© 2009 James McCommons
Since 2000, U.S. gasoline prices have more than doubled Not coincidentally, since 2000, ridership aboard the country's only nation-wide passenger rail service, Amtrak, has risen 49%. In 2008, in the middle of an as-yet-unbroken sting of nine consecutive record-breaking years, James McCommons traveled the length of Amtrak's many varied routes to gauge the state of the nation's passenger rails. In the wake of an ostensibly transit-friendly president being elected, and in anticipation of some stimulus money being applied toward improving rail infrastructure, such a journey seemed timely. Chatter about rails is on the rise, and in Waiting on a Train, McCommons offers a sober -- sometimes bleak, sometimes hopeful -- evaluation of the passenger rail services in America, and advice on how restore a largely abandoned service.
There was a time when railroads were the default means of extensive travel for most Americans, every city and town of consequence linked in a network that covered the continent. A casual glance at the Amtrak map now reveals how drastically the situation for passenger rail has declined: although the northeastern U.S., Chicago, and west coast are seemingly well-covered, the majority of the nation receives scant services, and some states none at all. Throughout his yearlong journey, McCommons explains how this came to be: public distrust of the railroads as large, corporate entities, coupled with enthusiastic popular and governmental support for the automobile and airports relegated them to the sidelines, where stifling, archaic regulations drove them into moribundity until they sloughed off the need for passenger service and focused on freight. Passenger service became the exclusive domain of Amtrak, a queer public-private corporation that was given access to the freight's rails...or was supposed to have been.
As McCommon's account shows, passenger service is very much the "red-headed stepchild" of American railroading. Although the rail companies, now purely freight-haulers, are obligated to let Amtrak use their lines, freight is given priority more often than not. Time and again, McCommon's ride is driven into the sidings to allow freight trains to pass them. ("Make way for the cheap crap for Wal-Mart!" said one conductor, disgusted. European passengers were utterly aghast at the concept.) With demand for both freight and passenger services on the rise, limited infrastructure is a worsening impediment to expansion. Not only did railroad companies throw away hundreds of miles of lines in the 1970s in a leanness effort, but many current lines were built for an older generation of slower engines, and their curve ratios can't take speedier modern trains...and especially not the bullet trains which some rail advocates seem to think is the only kind of rail it is possible to enjoy. But the greatest problem is the scantness of the network itself, which a recent article from The Atlantic demonstrates nicely.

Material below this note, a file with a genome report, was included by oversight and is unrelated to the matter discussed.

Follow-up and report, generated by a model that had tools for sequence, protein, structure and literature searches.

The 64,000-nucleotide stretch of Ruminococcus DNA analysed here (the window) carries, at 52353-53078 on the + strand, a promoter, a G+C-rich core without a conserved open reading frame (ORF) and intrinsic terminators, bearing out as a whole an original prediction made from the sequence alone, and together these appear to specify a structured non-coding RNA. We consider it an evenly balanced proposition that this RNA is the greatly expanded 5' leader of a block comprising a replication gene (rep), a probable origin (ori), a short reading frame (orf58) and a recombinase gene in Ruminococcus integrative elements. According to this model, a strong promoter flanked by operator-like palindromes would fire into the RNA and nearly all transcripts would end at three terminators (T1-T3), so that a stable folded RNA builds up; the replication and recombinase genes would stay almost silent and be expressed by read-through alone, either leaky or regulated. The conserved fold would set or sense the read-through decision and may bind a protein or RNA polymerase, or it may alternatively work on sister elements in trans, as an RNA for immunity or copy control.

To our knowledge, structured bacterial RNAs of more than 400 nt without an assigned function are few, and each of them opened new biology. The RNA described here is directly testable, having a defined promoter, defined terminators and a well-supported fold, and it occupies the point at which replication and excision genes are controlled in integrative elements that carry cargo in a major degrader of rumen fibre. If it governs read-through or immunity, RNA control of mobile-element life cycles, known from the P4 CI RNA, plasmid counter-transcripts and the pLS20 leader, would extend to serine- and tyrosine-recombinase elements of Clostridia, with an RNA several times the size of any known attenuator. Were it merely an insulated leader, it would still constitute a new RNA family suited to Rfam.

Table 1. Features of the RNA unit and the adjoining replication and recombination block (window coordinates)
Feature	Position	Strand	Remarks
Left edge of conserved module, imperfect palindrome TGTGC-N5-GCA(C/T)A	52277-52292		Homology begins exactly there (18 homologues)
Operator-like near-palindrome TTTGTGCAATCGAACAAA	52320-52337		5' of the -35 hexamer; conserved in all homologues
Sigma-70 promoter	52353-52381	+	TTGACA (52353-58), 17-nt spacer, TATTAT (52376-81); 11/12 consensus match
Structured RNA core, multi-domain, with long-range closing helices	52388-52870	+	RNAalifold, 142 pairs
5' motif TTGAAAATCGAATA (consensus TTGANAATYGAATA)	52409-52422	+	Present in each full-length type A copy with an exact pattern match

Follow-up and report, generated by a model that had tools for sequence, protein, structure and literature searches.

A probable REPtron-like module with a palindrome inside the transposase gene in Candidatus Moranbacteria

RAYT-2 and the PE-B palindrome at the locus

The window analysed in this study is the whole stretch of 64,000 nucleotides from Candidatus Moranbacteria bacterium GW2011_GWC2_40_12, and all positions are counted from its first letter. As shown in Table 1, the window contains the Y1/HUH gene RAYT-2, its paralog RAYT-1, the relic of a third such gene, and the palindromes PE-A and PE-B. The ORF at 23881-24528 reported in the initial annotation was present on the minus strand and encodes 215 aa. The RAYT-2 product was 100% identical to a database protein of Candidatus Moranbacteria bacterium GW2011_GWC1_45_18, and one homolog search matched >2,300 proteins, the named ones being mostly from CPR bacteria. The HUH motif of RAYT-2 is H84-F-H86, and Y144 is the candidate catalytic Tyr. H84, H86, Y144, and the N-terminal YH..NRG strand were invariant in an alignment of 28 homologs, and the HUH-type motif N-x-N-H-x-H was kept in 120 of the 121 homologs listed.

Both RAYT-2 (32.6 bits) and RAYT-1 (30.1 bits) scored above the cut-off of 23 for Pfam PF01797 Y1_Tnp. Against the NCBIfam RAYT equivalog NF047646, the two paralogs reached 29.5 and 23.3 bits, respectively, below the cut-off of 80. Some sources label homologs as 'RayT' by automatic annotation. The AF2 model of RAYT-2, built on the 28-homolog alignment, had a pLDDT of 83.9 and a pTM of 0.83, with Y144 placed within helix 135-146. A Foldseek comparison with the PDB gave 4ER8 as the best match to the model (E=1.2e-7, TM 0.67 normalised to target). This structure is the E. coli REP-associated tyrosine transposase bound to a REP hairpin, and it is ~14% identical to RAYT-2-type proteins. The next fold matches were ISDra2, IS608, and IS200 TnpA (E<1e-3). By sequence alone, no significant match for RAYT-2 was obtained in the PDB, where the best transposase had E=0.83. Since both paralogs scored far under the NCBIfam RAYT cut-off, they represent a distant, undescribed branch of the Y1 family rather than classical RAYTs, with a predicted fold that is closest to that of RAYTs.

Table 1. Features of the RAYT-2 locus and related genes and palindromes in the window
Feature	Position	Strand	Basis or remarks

The good news is, despite of the weaknesses of the system, in spite of the work that needs to be done, the situation can’t help but improve. A new generation of officials and service professionals are running Amtrak these days, and they’re not former freight employees who regard passengers as problems to be endured. Even if President Obama conforms to the longstanding Democrat tradition of giving trains lipservice and then ignoring them, states are beginning to take their rail systems into their own hands – and while that’s almost just as well, because local officials know their needs better. Ultimately, though, McCommons believes restoring passenger rail service will require a substantial investment from the federal government, because the revival of passenger rail will depend on a network that serves the many, that reaches a multitude of destinations – not just one limited to parts of the coasts and